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27 Sep, 2014

European Languages Survey: English, French, German Most Popular but Spanish Growing

Brussels, (Eurostat News Release) – On the occasion of the European Day of Languages, celebrated each year on 26 September, Eurostat, the statistical office of the European Union, publishes data on language learning at school. The general objectives of this event are to alert the public to the importance of language learning, to promote the rich linguistic and cultural diversity of Europe and to encourage lifelong language learning in and out of school.

Since Croatia’s accession, there are 24 official languages recognised within the EU. In addition there are indigenous regional, minority languages and languages that have been brought into the EU by migrant populations.

In the EU28 in 2012, English was still the most commonly studied foreign language at lower secondary level1, with 97.1% of pupils learning it, far ahead of French (34.1%), German (22.1%) and Spanish (12.2%). The importance of English as a foreign language in the EU is also confirmed by its leadership in nearly all Member States.

The proportions of pupils at lower secondary level studying English, French, German or Spanish as a foreign language have each increased between 2005 and 2012 at the EU level, albeit in different ways. The most remarkable increase in relative terms during this period was recorded for the learning of Spanish, from 7.4% of the total pupils at lower secondary level learning it in 2005 to 12.2% in 2012.

In 2012 at lower secondary level, English was the most commonly studied foreign language in the EU28, with shares above 90% of pupils in all Member States except Belgium (45.4%), Luxembourg (54.4%), Hungary (62.6%), Bulgaria (86.2%) and Portugal (86.4%). Between 2005 and 2012, the proportion of pupils learning English at lower secondary level increased in nearly all Member States, except Portugal (from 98.3% in 2005 to 86.4% in 2012), Spain (from 98.4% to 98.1%) and Latvia (from 96.2% to 96.1%).

French was studied by more than half of pupils at this level in Luxembourg3 (100.0%), Cyprus (91.7%), Romania (85.7%), Italy (69.9%), Ireland (63.5%), the Netherlands (57.7%) and Portugal (57.4%). Among Member States for which data are available, the proportion of students at lower secondary level learning French as a foreign language decreased between 2005 and 2012 in fourteen Member States, increased in nine and remained stable in Luxembourg.

At least half of the pupils at lower secondary level were studying German as a foreign language in 2012 in Luxembourg3 (100.0%), Denmark (73.5%), Poland (69.2%), the Netherlands (51.5%) and Slovakia (50.2%), while Spanish was studied by more than a fifth in Sweden (42.3%), France (36.2%), Portugal (21.6%) and Italy (20.5%). The learning of Spanish has increased or remained stable between 2005 and 2012 in all of the Member States for which data are available.

Click here to download the full release with statistical charts.

Why languages matter: European and national perspectives on multilingualism

European Commission – SPEECH delivered by Androulla Vassiliou, Member of the European Commission for Education, Culture, Multilingualism and Youth, Florence, 25 September 2014

Ladies and gentlemen,

I am delighted to be here with you today to mark the European Day of Languages. I would like to thank the Italian Presidency for organising this event, and the City of Florence for hosting it in this magnificent setting.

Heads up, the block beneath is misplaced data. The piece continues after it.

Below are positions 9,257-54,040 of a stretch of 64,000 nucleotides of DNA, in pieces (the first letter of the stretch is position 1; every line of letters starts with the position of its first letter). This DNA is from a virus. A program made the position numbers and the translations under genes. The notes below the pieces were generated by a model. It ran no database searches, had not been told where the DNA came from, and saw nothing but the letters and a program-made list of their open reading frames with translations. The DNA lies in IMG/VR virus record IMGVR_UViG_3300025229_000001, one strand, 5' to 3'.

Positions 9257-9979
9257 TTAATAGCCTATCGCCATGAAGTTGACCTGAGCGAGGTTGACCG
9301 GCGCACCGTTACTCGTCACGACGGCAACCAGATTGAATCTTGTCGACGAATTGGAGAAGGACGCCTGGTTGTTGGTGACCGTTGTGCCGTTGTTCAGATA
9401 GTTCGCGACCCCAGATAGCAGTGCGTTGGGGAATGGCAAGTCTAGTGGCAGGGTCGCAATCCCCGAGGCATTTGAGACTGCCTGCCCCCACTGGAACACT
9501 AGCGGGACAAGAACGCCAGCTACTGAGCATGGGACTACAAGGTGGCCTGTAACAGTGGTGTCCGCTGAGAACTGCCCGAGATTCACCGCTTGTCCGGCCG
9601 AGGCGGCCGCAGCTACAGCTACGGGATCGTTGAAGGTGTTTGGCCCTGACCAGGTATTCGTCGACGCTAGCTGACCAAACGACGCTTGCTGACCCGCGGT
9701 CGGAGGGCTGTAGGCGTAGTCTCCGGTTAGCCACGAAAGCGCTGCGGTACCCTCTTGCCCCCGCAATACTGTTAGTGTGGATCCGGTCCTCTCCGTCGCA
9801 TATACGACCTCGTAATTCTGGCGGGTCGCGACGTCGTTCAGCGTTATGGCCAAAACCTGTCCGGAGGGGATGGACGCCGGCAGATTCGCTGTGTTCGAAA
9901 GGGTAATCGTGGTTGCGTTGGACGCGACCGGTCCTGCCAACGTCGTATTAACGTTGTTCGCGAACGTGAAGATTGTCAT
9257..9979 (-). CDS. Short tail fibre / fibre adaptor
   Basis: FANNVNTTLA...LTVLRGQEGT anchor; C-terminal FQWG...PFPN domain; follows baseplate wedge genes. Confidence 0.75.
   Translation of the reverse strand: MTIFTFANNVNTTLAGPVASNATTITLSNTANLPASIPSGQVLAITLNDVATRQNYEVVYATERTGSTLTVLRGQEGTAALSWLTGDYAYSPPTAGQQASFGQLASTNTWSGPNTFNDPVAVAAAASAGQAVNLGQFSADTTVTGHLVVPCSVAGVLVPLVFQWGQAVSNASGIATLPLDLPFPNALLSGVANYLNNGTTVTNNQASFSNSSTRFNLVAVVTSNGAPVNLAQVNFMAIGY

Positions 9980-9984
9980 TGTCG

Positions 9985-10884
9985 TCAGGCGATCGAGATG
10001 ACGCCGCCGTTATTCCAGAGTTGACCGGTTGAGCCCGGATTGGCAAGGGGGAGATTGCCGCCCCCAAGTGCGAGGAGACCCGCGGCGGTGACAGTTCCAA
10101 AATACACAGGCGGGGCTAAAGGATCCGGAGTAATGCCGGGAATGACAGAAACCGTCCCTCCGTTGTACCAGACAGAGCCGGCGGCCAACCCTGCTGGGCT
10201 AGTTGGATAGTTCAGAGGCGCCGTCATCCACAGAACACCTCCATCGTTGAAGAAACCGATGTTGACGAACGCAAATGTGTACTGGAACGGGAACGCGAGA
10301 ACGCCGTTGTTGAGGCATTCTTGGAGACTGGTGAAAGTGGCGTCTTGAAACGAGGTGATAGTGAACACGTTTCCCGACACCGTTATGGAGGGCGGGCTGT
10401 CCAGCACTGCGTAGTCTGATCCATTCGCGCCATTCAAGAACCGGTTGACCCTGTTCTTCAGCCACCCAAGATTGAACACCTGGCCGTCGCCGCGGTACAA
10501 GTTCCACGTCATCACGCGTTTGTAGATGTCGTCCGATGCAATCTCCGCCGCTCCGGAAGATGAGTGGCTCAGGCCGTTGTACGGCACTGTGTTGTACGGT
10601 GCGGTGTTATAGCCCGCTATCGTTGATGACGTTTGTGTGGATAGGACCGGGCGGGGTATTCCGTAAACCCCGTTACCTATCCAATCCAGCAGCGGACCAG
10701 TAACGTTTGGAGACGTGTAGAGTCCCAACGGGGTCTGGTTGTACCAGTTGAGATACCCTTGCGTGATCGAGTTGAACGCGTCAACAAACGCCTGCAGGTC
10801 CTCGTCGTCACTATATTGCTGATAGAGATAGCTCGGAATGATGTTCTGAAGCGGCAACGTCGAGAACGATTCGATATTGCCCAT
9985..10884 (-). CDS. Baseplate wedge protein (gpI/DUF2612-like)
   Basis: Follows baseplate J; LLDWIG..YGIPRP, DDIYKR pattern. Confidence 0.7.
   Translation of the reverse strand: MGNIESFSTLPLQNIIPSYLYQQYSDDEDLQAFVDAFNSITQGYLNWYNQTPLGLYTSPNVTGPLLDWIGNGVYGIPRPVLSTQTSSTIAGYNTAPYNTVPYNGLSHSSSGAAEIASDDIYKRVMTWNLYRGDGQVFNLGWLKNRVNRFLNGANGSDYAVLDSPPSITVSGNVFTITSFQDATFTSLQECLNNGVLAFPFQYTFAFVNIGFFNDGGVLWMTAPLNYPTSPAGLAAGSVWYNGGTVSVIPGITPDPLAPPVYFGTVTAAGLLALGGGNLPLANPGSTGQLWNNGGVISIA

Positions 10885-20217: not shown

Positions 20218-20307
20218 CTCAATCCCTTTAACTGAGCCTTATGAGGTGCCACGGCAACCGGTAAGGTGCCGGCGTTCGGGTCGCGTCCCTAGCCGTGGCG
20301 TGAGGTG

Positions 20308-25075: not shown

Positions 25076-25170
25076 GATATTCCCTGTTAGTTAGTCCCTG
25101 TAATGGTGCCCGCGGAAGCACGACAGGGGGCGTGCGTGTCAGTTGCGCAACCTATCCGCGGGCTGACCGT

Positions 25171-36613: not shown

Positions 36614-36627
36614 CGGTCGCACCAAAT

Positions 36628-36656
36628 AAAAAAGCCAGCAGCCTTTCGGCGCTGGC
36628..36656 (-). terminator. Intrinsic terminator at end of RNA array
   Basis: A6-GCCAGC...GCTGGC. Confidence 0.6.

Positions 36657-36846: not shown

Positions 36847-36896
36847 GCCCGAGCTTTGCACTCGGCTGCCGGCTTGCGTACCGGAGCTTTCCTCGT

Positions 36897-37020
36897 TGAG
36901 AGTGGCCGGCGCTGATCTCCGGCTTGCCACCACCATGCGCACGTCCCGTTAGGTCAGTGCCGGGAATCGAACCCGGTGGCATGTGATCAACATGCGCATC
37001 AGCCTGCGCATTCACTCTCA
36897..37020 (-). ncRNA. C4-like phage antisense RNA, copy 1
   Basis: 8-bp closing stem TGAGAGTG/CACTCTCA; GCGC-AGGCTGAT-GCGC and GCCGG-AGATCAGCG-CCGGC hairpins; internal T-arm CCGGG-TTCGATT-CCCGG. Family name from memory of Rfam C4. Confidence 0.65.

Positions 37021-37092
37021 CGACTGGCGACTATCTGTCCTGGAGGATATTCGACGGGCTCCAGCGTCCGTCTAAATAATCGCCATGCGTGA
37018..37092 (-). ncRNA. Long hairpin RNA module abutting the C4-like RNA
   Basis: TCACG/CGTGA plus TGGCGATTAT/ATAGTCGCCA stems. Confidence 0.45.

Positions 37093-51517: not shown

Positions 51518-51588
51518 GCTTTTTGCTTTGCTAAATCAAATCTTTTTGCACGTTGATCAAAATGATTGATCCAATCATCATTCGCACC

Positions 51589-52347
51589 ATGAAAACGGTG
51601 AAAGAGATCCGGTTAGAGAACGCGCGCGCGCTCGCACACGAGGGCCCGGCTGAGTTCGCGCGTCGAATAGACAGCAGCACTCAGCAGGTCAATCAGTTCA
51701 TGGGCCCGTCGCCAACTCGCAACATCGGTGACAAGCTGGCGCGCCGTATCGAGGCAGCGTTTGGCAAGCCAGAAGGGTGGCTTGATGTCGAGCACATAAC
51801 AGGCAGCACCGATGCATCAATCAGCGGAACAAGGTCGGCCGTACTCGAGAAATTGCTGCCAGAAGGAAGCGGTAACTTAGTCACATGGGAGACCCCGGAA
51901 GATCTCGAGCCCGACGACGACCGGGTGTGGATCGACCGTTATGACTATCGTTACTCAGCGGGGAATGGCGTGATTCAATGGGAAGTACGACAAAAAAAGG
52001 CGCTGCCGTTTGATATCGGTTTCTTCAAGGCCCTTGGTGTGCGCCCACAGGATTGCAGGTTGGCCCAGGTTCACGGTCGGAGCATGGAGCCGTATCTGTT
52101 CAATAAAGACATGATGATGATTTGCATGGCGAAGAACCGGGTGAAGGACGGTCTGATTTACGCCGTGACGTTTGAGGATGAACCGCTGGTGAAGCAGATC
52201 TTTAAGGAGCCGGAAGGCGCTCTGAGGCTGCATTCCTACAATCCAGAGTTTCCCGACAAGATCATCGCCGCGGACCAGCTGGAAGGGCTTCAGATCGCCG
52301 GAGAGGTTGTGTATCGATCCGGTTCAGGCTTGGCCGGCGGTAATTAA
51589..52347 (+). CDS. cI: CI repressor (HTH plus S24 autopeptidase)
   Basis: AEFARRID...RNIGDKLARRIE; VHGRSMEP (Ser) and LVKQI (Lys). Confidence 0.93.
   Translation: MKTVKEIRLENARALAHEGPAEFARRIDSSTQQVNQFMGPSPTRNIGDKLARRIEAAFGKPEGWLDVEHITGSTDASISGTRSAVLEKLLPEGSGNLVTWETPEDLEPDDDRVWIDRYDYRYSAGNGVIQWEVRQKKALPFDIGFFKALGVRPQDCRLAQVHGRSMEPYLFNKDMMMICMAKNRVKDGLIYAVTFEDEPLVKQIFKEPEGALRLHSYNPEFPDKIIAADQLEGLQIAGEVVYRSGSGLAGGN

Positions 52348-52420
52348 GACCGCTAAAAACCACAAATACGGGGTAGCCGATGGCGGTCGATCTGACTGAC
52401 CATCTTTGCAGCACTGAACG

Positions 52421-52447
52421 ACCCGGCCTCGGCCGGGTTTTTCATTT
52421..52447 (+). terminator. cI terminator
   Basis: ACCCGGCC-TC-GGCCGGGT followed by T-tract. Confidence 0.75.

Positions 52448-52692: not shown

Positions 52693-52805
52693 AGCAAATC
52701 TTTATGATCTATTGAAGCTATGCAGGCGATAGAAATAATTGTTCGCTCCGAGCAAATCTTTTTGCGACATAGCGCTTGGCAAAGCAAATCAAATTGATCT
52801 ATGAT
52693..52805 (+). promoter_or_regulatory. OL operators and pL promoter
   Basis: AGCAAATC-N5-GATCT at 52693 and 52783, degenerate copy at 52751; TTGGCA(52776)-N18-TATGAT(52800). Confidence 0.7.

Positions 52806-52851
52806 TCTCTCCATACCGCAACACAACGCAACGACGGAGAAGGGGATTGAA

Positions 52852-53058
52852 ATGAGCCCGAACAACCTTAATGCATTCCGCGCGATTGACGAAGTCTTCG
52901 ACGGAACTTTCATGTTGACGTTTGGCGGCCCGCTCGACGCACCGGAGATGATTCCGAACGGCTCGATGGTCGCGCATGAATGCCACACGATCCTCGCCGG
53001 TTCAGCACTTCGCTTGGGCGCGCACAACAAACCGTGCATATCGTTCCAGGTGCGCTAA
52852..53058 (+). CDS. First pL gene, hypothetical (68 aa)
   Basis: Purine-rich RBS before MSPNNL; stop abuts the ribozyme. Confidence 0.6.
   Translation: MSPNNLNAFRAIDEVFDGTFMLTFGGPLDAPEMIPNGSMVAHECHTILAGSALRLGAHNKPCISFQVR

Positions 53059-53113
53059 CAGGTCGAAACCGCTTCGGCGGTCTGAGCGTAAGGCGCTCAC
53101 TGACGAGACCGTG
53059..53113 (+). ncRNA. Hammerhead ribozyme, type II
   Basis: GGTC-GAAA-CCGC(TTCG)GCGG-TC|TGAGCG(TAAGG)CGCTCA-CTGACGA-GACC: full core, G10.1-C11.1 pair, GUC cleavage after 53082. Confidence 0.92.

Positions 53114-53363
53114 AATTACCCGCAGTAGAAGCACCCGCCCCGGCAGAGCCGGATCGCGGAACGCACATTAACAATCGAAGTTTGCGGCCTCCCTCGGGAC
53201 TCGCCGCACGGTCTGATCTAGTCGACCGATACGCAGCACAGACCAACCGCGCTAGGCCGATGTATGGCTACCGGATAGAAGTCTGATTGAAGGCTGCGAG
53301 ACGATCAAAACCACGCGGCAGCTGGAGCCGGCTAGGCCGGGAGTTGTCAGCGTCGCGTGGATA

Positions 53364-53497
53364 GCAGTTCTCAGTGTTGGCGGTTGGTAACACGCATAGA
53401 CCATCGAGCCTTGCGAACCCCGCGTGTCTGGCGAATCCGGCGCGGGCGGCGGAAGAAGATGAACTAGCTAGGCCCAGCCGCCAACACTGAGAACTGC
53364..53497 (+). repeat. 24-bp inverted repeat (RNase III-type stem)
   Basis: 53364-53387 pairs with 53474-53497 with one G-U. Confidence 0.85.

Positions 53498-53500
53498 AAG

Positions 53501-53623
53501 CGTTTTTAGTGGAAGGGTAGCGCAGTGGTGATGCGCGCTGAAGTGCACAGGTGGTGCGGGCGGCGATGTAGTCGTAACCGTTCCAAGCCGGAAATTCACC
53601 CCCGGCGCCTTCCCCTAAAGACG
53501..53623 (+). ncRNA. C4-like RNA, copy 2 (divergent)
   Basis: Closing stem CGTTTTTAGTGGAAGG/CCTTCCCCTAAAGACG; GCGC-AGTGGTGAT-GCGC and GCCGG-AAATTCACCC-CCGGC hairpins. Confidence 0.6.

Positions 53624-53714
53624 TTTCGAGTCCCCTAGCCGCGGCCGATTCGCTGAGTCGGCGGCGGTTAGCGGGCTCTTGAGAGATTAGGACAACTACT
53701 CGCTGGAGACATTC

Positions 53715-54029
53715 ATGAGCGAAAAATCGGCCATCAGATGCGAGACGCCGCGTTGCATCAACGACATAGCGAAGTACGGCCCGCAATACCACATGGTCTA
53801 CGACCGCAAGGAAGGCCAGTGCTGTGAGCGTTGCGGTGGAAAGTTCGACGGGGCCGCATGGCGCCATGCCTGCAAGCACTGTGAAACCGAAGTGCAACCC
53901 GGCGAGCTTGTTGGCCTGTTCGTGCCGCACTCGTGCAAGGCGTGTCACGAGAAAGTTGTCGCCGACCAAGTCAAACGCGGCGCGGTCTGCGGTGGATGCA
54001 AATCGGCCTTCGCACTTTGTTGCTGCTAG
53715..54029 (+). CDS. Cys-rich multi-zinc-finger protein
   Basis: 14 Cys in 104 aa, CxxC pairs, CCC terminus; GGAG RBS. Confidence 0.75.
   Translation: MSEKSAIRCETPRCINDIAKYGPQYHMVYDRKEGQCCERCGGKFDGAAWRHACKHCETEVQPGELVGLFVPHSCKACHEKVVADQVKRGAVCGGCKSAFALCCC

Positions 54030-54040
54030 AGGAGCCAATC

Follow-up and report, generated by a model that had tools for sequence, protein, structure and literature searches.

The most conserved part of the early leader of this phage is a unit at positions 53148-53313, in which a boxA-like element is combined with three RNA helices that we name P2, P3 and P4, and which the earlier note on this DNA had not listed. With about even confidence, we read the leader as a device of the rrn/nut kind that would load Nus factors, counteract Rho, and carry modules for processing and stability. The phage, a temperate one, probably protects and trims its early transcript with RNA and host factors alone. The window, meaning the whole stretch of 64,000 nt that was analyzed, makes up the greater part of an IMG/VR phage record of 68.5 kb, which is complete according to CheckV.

Over the next two days you will be discussing the promotion and preservation of Europe’s rich linguistic diversity in its many aspects and from different perspectives, under the aptly chosen title of “Why languages matter”.

So if I may, I would like to start my intervention by addressing precisely that question. From an EU perspective, there is no doubt in my mind that languages do matter – and for many different reasons.

The first is of course that languages are an essential part of our shared identity as Europeans. Nothing encapsulates the EU motto “United in diversity” better than the EU’s 24 official languages, its numerous dialects and minority languages. Just like their speakers, all languages are different and unique and do not describe the world in quite the same way. In another sense, all languages are the same, in that everything that can be said in one language can also be said in every other. This ability to overcome difference through communication and mutual understanding is the great gift of languages. It is also what the European project is all about.

On a more practical level, languages are valuable tools to get the most from life’s experiences, whether for work, study or just travelling. In an increasingly interconnected and competitive world, the knowledge of languages is an essential skill for all of us: for students wishing to study abroad and businesses looking to expand on new markets; for workers in search of better job opportunities; for scientists and academics collaborating across borders; in other words, for all those who wish to make the most of the wealth of opportunities that Europe has to offer, be they educational, professional or cultural.

That is why the promotion of multilingualism, and the improvement of language teaching and learning are mainstays of EU policy. The EU’s stated objective, let’s not forget, is that everybody should be able to speak two languages in addition to their own. It is an objective that I have been pursuing throughout my mandate in co-operation with the Member States.

I hope you won’t mind if I take a moment to look back on the past five years and single out those which, in my view, are the most important achievements.

I’d like to start with the first European Survey on Language Competences, which we carried out in 2011 in close cooperation with the Member States. The results showed that the level of language skills as taught in schools throughout Europe is insufficient. The survey provided the basis for future Europe-wide assessments of proficiency in two foreign languages among 15 year-olds.

In May this year, all Member States reached political agreement about the need to better assess language skills in education in order to be able to improve the outcomes of language learning and progress towards the target levels. They will work on making language teaching in schools more efficient by introducing new teaching methods like content language integrated learning and by taking advantage of modern technologies.